Marco Belmonte / La Paz
Bolivia sends up to 30% less natural gas to Argentina and is exposed to fines, but Yacimientos Petroliferos Bolivianos (YPFB) attributed the problem to a drop of 2.5 million cubic meters per day (MMmcd) in one of the wells in the field. Daisy flower.
The Argentine Government, according to the Río Negro newspaper portal, will define in these days the beginning of a formal claim to YPFB for the breach of the deliver or pay clauses, because since October 22, YPFB shipments are for below the minimum volumes set in the fifth addendum to the contract that was signed in December last year.
The current addendum indicates that Bolivia must guarantee a minimum delivery of eight million cubic meters per day from October to December.
However, according to the public records of the National Gas Regulatory Entity (Enargas), which controls injections in the networks, since last October 22 the volumes sent by Bolivia have been below that level, and even in days like October 23, only 5.7 million cubic meters were injected and 6.8 million cubic meters on October 27, reported Río Negro.
In 10 consecutive days of non-compliance, the shipments from YPFB to Argentina already account for a difference of 9.1 MMmcd and match the conditions to activate a claim based on the deliver or pay clauses established in the contract.
Reservoir, in a statement, acknowledged that in recent weeks the shipment of natural gas volumes to the Argentine market, within the framework of the contract signed with Ieasa, suffered some inconveniences to reach the promised levels.
This is due to an operational failure in one of the wells in the Margarita field, the MGR-X3ST, which is one of the most productive in the country. “In this sense, for prevention, the delivery associated with the well was temporarily suspended, which prior to the incident, reached approximately 2.5 MMmcd,” YPFB specified.
The statement adds that this failure, notified as a force majeure event by the field operator (Repsol), put the operation of the field at risk. These situations are foreseen in the contract and are managed in this context. “Repsol’s specialized team, in coordination with YPFB, has been working for several weeks to restore production from the MGR-X3ST well and it is expected to restart the delivery of volumes in the shortest possible time. It should be remembered that the gas supply is guaranteed, as well as the fulfillment of the contractual obligations ”, indicates Yacimientos.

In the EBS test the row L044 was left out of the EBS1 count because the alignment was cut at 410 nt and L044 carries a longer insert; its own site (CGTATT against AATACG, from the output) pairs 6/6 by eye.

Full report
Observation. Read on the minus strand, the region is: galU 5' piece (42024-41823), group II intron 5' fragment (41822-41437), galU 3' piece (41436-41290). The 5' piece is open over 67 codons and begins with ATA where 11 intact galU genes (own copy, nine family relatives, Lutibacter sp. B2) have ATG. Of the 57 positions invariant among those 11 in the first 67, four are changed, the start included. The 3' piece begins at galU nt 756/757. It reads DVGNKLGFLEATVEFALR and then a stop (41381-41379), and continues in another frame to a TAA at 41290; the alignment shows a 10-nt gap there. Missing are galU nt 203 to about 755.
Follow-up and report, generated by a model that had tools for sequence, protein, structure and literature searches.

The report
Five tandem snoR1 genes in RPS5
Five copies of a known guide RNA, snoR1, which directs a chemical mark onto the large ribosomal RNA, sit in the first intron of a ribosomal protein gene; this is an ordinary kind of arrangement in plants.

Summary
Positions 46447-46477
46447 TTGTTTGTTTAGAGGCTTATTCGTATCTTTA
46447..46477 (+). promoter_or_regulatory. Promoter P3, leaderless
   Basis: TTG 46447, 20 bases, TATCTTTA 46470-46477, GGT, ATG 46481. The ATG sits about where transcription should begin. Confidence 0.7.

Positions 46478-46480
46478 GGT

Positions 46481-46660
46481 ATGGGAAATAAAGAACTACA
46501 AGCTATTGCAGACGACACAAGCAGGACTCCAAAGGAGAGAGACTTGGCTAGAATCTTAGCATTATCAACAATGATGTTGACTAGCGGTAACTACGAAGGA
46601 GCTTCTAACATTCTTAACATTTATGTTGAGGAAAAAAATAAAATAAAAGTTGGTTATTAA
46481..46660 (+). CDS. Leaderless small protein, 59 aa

Álvaro Ríos, former Minister of Hydrocarbons, explained that the lower gas shipments to Argentina have to do with the drop of 2.5 MMmcd in this well in Margarita due to a problem of sand and stones, presented a couple of months ago. The second factor is the start-up of the urea plant that demands a little more than one MMmcd and the priority that exists to sell the product that generates a million dollars of income per day.
“The production capacity is 42 MMmcd and if you take away 20 MMmcd to send to Brazil and 14 to 15 MMmcd to the domestic market, there are seven million to send to Argentina,” he said.
He warned that for next year production tends to decline more and only six MMmcd can be delivered to Argentina and in 2023 only five MMmcd and that is why the new addendum must be negotiated with excess volumes.
Hugo de la Fuente, former Superintendent of Hydrocarbons, indicated that by law the domestic market is the priority and due to the drop in production, he opts to adjust volumes with Argentina and comply with the contract with Brazil, which is tougher in terms of penalties. He added that the last discovery dates from 2006 with Total and gas reserves are depleted, investment is not being attracted and there is no new hydrocarbons law.
Negotiation and lack of new reserves
Distrust According to the Río Negro portal, sources familiar with the negotiations with Bolivia indicated that the Government is suspicious that the lower injection made by YPFB is due to a real drop in production, but rather that the neighboring country would be prioritizing shipments bound for Brazil over Argentina.
Problems According to Hugo de la Fuente, former Superintendent of Hydrocarbons, gas reserves are depleted because all the gas discovered before 2006 was exploited. “What is not common is that the Government has not taken forecasts, Law 3059, approved in 2005, is still in force, there is no new hydrocarbons law and we are not attractive to attract investment,” he said.
Impact In the past, Argentina failed to comply with the contractual volumes and Bolivia was not strict in the penalties and the governments of both countries that have political affinity can negotiate possible fines in the face of lower shipments, experts point out.